Morrison has always had a predilection for exploring symbols and numerology, but he’s never done so as much as he has in Nameless. The central symbol of the series— two diamonds dashed through their center— has no corollary that I know of to any historical rune. This is the symbol of the alien invaders, and you can bet that Morrison will explore its meaning in the issues to come. At one point, Nameless muses that 5 is a “fucked-up number. 5 is 1 and 4 is a Door.” 1 represents purity and new beginnings, while 4 represents a solid, unmoving state of stability. Together, they make 5, an unstable number that represents chaos and motion, which represents humanity’s careening course for total enslavement and annihilation at the hands of this alien threat. The space crew on Serenity (which I can’t help but connect with Firefly) cover their spacesuits with protective runes like the Hamsa, the eye within the hand that wards away the evil eye. Morrison, a practician of Chaos Magic, where one makes dreams real by writing down the wish and turning it into a symbol, clearly believes in the power of signs. Morrison argues that runes come to humanity instinctually, activating something primal within us; thus beginning the process of making the abstract real.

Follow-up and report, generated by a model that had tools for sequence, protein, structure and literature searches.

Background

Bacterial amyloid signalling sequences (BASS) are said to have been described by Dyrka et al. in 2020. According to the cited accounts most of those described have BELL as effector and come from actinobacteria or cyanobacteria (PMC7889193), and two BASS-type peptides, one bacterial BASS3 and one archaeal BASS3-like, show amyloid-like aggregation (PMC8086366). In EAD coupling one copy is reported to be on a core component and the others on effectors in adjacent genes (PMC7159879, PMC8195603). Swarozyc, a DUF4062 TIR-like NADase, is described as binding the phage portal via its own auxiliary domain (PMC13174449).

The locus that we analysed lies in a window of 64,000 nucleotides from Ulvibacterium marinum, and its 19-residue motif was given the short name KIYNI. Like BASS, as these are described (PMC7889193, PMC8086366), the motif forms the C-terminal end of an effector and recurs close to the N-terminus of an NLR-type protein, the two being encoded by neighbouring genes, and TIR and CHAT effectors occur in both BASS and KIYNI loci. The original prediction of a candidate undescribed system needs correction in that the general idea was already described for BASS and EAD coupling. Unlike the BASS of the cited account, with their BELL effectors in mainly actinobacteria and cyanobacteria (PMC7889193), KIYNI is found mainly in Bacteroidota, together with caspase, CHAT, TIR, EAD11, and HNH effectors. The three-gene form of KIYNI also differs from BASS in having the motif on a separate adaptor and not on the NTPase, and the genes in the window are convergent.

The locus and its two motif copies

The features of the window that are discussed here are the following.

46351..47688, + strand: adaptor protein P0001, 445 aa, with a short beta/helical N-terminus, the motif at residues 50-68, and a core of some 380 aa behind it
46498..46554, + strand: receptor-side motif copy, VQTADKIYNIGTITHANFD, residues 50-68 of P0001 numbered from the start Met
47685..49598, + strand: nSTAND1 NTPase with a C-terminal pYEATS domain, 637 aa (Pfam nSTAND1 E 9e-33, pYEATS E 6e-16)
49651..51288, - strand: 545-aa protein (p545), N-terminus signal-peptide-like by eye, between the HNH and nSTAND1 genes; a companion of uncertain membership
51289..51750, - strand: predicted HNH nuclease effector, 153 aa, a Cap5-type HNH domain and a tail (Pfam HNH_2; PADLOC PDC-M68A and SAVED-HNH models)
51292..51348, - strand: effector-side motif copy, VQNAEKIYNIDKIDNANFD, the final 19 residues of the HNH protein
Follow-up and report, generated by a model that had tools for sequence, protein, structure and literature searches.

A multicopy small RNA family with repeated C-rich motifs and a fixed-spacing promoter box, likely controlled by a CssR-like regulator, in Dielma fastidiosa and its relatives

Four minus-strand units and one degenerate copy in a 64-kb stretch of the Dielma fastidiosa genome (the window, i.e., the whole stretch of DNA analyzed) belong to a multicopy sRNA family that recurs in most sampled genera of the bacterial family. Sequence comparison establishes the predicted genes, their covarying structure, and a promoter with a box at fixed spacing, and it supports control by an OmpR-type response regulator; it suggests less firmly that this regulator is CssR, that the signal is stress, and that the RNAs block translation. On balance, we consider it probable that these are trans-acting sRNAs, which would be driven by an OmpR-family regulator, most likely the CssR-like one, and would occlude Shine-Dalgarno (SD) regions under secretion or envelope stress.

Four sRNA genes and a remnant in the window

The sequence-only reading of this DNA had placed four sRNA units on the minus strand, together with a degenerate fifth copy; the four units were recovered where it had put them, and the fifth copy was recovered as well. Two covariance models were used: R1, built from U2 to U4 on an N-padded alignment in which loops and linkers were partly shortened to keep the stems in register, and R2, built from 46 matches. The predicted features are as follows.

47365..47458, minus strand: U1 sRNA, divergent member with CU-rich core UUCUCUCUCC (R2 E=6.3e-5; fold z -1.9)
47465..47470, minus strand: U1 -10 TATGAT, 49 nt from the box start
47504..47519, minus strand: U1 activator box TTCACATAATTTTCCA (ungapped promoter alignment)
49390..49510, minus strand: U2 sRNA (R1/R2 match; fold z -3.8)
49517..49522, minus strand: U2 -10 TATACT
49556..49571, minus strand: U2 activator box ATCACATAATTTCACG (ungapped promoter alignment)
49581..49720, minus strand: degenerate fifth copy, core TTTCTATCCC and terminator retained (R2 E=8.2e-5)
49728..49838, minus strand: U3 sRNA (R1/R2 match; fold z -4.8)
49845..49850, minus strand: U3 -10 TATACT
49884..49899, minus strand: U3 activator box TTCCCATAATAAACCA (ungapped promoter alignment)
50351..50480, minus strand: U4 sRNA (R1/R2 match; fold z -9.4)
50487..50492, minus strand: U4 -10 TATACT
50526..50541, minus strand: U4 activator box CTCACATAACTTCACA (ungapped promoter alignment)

Burnham’s art, as always deserves praise. His slightly frazzled linework is a perfect match for the chaotic feel of Nameless‘ world, and he demonstrates an ability to bring Morrison’s ideas to life with vigor, and even elevates some of them to horrifically new heights. At one point, Nameless examines a stone key that was once a part of Marduk, the lost fifth planet of the solar system. Nameless explains that Marduk was lost to a “primal conflict” between angels and demons, good and evil, left and right; a war between polar opposite dualities that tore the world asunder and may have even launched the asteroid that murdered the dinosaurs. Morrison’s narration in this scene is poetically insane, but Burnham kicks things up a notch by following Morrison’s words with a full page spread of the war on Marduk. We see a mass of tendrils with dozens of pustules growing along it (or perhaps they’re eyes) locked in combat with a massive cybernetic crustacean; two titans fight as the world below them bursts into flame. We don’t know who’s good and who’s bad. All we know is that we’re doomed.
The one complaint I have against Nameless is that the characters have, by and large, fallen flat. Nameless himself is a no-bullshit action hero who clearly has chips on his shoulder, but we don’t know what they are. As such, it’s hard to empathize with him. His crew is even more nameless than he is. Still, Nameless #2 is an excellent installment in this limited series, building up the diegetic world and setting our heroes on a crash course with the apocalypse. Morrison is clearly excited to have the opportunity to play with symbols in such a direct manner, and Burnham and Fairbairn are worthy collaborators.